Friday 13 September 2013

Carbohydrate 101

With nutrition being a hot topic in the news almost every day, sometimes it’s useful to get back to basics. So with a series of posts, I thought I would give a brief overview of the main nutrients, and why you need all of them in your diet.

I’ll address the whole carbohydrate controversy (and low-carb diets) in another post, so for now will just stick to their functions in the body. Carbohydrates are the body’s main energy source. They are consumed in a variety of ways:
·         Simple carbohydrates – the main source of these is refined sugars, such sugars that are added to foods such as chocolate bars. If you’re trying to avoid it’s worth checking labels of any pre-prepared foods, since sugar is often added as a preservative and/or flavour enhancer. These are simple sugars such as glucose, but the most common naturally-occurring simple carbohydrate is fructose in most fruit. These are known as monosaccharides, since they are comprised of a single molecule.

·         Complex carbohydrates – these tend to come in the form of starch, in both natural foods such as bananas, potatoes and rice, as well as more refined foods such as pasta and breads. These are called polysaccharides, as they consist of chains of single molecules bound together. The body needs to break these chains down in order to absorb and use them for fuel. 

·         Indigestible carbohydrates – these tend to be labelled as “dietary fibre.” The body cannot use these directly, but they can be used by your gut bacteria to provide such benefits as increased absorption of nutrients, and reduction of blood cholesterol. Some of these fibres, such as inulin found in chicory, go under the name prebiotics (see my earlier post on gut bacteria). Many of these indigestible fibres occur naturally in plant cell walls (cellulose). When eaten, they absorb water, forming a paste which bulks up the bolus of food travelling down the gut. It is thought that eating foods high in dietary fibre can lead to greater feelings of fullness, which suggests that they are very useful if you’re trying to lose weight.1

So how does the body use carbohydrates? The most obvious function is that of an energy source. While not the most energy-dense of nutrients (carbohydrates yield 4kCalories per gram, while fat yields 9), the body preferentially generally burns carbohydrate over fat. The energy source of skeletal muscles is called Adenosine Triphosphate (ATP), and this is created by several complex metabolic pathways within the cells. An illustration of how the body processes glucose is seen below. To explain would take several blog posts or a book chapter, and might well send you to sleep! Other functions include the synthesis of non-essential amino acids such as from the skeletons of carbohydrate, while pentose and ribose are used in the formation of DNA. This last point suggests that dietary carbohydrate might be pretty important! Another important function of carbohydrate is the formation of glycoproteins, which are vital in the formation of cell membranes and nerve cell sheaths.2 It is also worth mentioning that while many human cells can use several fuels, glucose is the only fuel which the brain can use.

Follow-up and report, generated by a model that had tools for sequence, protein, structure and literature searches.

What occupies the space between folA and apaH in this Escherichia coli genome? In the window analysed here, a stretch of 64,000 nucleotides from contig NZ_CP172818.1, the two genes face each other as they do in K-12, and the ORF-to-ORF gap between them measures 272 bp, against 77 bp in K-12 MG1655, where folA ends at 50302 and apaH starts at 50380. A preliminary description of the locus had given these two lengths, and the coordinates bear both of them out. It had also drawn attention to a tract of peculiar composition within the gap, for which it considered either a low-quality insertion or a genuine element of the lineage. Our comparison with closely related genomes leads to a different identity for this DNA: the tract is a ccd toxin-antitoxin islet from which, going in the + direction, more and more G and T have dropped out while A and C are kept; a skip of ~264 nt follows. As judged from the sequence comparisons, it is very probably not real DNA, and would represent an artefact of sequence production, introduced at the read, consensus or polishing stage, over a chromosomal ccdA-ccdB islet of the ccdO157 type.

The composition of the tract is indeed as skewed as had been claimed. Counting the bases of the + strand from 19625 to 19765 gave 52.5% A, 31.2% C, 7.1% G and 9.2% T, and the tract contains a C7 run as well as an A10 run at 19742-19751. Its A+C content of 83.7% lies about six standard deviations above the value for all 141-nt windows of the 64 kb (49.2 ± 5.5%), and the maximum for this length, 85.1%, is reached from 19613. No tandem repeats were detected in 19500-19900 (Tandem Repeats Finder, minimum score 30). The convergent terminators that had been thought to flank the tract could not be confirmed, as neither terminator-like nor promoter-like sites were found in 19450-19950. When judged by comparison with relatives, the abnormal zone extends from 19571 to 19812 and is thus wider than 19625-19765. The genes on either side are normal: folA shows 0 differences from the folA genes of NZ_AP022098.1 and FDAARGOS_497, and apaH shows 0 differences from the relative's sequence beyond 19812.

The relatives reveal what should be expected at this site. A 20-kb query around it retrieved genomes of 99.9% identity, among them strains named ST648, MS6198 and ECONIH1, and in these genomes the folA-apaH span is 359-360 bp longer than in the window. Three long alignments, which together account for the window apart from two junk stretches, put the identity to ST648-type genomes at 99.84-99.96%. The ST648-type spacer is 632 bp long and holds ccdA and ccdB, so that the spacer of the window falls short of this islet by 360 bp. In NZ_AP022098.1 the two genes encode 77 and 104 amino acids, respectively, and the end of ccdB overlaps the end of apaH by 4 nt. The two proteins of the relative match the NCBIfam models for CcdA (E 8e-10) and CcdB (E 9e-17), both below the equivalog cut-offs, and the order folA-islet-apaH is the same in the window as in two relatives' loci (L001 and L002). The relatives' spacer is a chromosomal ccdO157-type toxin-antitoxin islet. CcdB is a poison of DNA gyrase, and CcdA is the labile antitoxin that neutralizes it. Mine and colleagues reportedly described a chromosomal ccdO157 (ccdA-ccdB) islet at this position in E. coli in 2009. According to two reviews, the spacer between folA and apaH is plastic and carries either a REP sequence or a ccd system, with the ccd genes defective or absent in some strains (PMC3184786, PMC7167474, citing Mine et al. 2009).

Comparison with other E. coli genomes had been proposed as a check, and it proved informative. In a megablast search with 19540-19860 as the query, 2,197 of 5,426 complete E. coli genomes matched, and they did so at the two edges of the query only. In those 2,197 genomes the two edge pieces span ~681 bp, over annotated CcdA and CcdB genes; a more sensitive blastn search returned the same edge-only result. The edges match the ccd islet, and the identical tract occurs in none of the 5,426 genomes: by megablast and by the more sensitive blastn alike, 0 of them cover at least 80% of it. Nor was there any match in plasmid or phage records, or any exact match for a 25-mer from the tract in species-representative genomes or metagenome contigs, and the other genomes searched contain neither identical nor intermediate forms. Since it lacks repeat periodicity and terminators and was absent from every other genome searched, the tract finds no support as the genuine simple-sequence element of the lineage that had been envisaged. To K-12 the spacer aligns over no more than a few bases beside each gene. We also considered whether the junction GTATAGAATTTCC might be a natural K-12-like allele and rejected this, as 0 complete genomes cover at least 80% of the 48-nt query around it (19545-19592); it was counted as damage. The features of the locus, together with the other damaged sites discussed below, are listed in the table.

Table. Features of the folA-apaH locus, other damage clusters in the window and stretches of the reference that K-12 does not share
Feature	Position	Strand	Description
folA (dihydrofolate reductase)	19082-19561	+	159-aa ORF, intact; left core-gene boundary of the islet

Whenever carbohydrates are discussed, the idea of Glycaemic Index (GI) is mentioned. This is basically the ability of the carbohydrate in question to raise blood sugar. Since more insulin is required to deal with higher GI foods, it is thought that these foods can cause increased body fat, since insulin can lead to fat storage. The upper-end standard of GI is white sugar which has a GI of 100. Generally simple carbohydrates have a higher GI, while more complex carbs are lower. However, several factors can affect the GI of a meal (since carbohydrates are generally not eaten alone): protein and fibre can slow down carbohydrate absorption blunting the insulin response, the ripeness of a food can affect how available the carbohydrate is. Cooking can break down cell walls and make carbohydrates more available meaning a higher GI, while some foods contain naturally-occurring enzyme inhibitors which can reduce absorption and reduce GI. As you can see, the GI of a food on its own is not necessarily the deciding factor as to how it will affect blood sugar levels.
So that is the basics on the incredibly complex subject of carbohydrates. If you would like me to discuss any aspect of carbs, or any other subject, do leave me a note in the comments.

1          Wanders, A. J. et al. The effects of bulking, viscous and gel-forming dietary fibres on satiation. Br J Nutr, 1-8, doi:S0007114512003145 [pii] 10.1017/S0007114512003145 (2012).

2.         Geissler C, Powers H, Human Nutrition, Elsevier Publishers, Edinburgh (2006 edition).

No comments:

Post a Comment